Thursday, March 27, 2008

On what I am supposed to be doing

It's possible that I'm not supposed to be computer is having technical difficulties and I can't check in with my fellow YAYArs and see if I'm supposed to wait until the E. Lockhart reviews are all done.

I'm supposed to be upstairs in the hotel room, socializing with le fam. Or lying on the beach because I am, after all, in Jamaica.



Okay. So here's what I've been wondering.

I'm remembering Suz's post about continuity through multiple books. If you've read more than one of my books (and oh, lucky you, if you have) you might have noticed a few things they all have. Brothers, some kind of addiction, someone taking care of someone else (yeah, that one's kind of huge. I'm thinking it might be some sort of fetish or something. Sort of an issue), soccer players, angst angst angst, struggles with religion, lots of things happening in extremely short amounts of time...

I'm not saying I copy one voice from book to book, but my main characters are similar. They are all young and male and somewhat sarcastic. They all have a best friend and a brother.

There's always a scene where my main character walks through his town and considers his life.

The point is that every manuscript I write is easily recognizable as MINE. So here's what I'm wondering. Is this a problem?

One of my favorite authors is Adam Rapp, purely because Under The Wolf, Under the Dog is undiluted literary brilliance. If books were sex, UtWUtD would be a really messy, really really drunk hook-up. It makes you dizzy sometimes and the next morning you're not quite sure which part of it was real and which part you made up.

I must have read UtWUtD about five times before I read any of his other stuff. And the common motifs are pretty specific and obvious: People peeing on other people's beds for no reason, abuse of painkillers for sciatica, scary teenagers who just want little boys to give them blow jobs, anatomically correct (or exaggerated) snowmen...

Yeah, it's sort of strange, and sometimes I'd get the feeling he lifted one sentence out of one book and threw it into another. And it's sort of like a kiss from your aunt.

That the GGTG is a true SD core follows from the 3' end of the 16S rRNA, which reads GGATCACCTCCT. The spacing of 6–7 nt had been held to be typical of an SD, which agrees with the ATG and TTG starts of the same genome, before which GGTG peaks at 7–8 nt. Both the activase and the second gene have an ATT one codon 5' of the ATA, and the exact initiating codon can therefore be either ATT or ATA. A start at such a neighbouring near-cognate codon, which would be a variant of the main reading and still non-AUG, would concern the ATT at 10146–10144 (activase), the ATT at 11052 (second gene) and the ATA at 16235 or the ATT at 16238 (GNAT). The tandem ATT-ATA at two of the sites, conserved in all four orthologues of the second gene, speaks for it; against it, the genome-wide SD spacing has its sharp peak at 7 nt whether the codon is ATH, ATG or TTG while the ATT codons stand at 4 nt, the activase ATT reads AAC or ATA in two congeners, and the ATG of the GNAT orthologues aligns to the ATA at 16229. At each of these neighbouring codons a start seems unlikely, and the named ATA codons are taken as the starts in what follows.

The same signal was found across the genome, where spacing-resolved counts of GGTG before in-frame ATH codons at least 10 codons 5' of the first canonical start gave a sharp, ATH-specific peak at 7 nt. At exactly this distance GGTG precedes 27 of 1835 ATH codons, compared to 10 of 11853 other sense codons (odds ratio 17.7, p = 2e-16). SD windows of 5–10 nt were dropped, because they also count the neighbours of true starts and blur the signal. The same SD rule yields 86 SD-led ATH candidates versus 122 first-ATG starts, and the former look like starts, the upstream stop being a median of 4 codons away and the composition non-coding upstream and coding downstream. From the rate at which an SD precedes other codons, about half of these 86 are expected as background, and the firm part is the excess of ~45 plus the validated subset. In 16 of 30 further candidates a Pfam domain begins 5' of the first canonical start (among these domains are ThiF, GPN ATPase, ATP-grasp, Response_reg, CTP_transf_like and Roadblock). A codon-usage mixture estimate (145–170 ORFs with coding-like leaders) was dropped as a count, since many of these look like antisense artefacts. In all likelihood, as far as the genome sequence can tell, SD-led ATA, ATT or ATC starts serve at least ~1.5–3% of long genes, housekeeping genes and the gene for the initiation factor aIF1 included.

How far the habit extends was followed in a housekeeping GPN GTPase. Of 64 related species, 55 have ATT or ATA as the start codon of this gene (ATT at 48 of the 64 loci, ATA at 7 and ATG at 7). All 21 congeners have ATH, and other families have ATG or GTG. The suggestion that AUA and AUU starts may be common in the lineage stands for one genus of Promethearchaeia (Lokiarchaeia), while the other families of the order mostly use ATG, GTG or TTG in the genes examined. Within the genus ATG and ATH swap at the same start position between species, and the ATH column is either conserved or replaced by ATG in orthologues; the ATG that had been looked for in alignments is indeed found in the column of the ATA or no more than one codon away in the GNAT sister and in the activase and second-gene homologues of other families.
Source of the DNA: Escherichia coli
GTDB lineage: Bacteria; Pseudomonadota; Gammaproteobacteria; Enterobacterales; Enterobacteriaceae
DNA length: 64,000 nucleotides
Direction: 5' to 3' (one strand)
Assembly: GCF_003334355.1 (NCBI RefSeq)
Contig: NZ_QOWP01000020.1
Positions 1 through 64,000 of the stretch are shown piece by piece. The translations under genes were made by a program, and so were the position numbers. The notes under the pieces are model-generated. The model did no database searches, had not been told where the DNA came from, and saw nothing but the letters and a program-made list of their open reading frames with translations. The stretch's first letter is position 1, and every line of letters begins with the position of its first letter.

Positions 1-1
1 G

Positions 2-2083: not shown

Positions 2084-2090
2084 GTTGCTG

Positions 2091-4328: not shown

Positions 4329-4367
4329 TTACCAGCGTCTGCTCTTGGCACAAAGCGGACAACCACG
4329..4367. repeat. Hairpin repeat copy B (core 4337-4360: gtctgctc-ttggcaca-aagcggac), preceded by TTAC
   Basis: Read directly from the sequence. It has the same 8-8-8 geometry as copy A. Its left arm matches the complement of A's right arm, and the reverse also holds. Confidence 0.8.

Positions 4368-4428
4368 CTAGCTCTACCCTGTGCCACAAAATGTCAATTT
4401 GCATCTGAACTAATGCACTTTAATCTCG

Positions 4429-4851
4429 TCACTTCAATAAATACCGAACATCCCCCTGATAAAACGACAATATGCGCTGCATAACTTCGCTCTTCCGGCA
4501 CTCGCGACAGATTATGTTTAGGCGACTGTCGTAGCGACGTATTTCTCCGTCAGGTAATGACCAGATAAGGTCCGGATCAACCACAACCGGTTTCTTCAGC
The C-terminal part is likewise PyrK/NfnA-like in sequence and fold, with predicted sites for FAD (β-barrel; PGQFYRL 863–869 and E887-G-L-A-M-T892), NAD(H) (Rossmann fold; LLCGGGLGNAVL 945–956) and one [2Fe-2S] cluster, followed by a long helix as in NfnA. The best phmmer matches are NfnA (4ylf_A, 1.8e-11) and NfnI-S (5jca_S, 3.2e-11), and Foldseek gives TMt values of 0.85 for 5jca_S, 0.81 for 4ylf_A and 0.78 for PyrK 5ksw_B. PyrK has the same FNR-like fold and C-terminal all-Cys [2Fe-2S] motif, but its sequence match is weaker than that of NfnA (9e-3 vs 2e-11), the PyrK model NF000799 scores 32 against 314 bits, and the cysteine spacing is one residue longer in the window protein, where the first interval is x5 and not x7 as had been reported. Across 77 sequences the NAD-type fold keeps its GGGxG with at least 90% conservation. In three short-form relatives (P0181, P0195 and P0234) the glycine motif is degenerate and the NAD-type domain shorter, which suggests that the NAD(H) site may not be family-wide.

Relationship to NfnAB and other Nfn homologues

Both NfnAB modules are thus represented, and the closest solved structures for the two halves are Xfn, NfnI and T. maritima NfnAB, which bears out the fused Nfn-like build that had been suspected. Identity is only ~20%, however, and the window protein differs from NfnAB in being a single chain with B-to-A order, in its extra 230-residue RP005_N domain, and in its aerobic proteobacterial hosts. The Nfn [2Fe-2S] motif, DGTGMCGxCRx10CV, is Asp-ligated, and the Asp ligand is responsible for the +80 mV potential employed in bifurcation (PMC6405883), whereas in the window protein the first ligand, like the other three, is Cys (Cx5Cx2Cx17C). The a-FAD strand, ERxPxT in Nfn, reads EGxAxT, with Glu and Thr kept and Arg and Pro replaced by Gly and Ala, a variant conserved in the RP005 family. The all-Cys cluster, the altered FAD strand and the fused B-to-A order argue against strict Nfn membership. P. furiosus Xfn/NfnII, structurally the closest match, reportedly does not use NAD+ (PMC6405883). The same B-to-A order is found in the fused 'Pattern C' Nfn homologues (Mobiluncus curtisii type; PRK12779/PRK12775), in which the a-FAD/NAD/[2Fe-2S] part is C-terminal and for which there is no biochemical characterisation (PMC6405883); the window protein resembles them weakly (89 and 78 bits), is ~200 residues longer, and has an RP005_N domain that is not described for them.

It's nice and everything, and it's comforting and smells like home, but at the same time it makes you squeamy because God WHY does your aunt have to kiss you all the time?

(Just in case...Emily, Ruth, and Stacey, you are wonderful aunts and I love you very much. Kiss me whenever.)


At the same time, you've got authors like Chris Lynch. I love Sins of the Fathers, absolutely love it, but the rest of his books I really just want to flush down a toilet (sorry man.) I look at Sins of the Fathers which LITERALLY makes me cry with jealousy when I read it, and then I look at Freewill and Inexcusable and I think...the same guy wrote THESE?

One things for sure--if you're reading a hannah moskowitz book, you'll know it's a hannah moskowitz book.

But you won't find a sentence repeated in another manuscript, either.

By the way--I miss you guys, Jamaica is beautiful, and I'll be home soon. Hope it's okay that I posted. Hugs and kisses from down South...

<3 hannah


brittanimae said...

Geesh Shady. That was pretty deep for someone who's supposed to frolicking on the beach. But good all the same. Don't you ever take a break?? Have a fun rest of your trip!

AmandaKMorgan said...

Love the post, Shades. Hope you're having a great time! :)

Anonymous said...

Scary-good post, Shady.

Now go have fun on the beach!

Anonymous said...

Sorry, that last comment was from Madeleine. Although I'm sure there's all number of lurkers who think you're scary-good and deserve to have some beach time, Shades.

(This comment is also from Madeleine.)

Sage said...

Totally agree about wanting the author's books to sound similar enough that what you liked about the first is in the second, third, fourth, etc without being repetitive.

One thing that I'd allow for would be crossing genres. If an author writes something literary, then writes a paranormal romance, I'm not going to expect the books to really have much in common. This is probably why so many authors that cross genres use a pseudonym to do so. They don't want you to expect the same sort of things in the, say, dark sci-fi novel that you found in the HEA romances they also write.

Now I'm thinking about my own stuff. Like Hannah, I have lots of common elements--important sibling relationships, sarcastic female leads, limited description, and so on--but I'm not sure that the style of my novels are all similar. Granted, they range from YA high fantasy, to adult urban fantasy, to YA sci-fi, and now YA contemporary fantasy. I see a lot of similarities between some of them, especially the YA and adult contemp. fantasies. But I feel so different about the high fantasies and the sci-fi than I do about the contemp fantasies. My style seems to change a little with the slight differences in genre.

But maybe I'm imagining it, and a Sage book is clearly a Sage book, even across the spec. fic subgenres. :)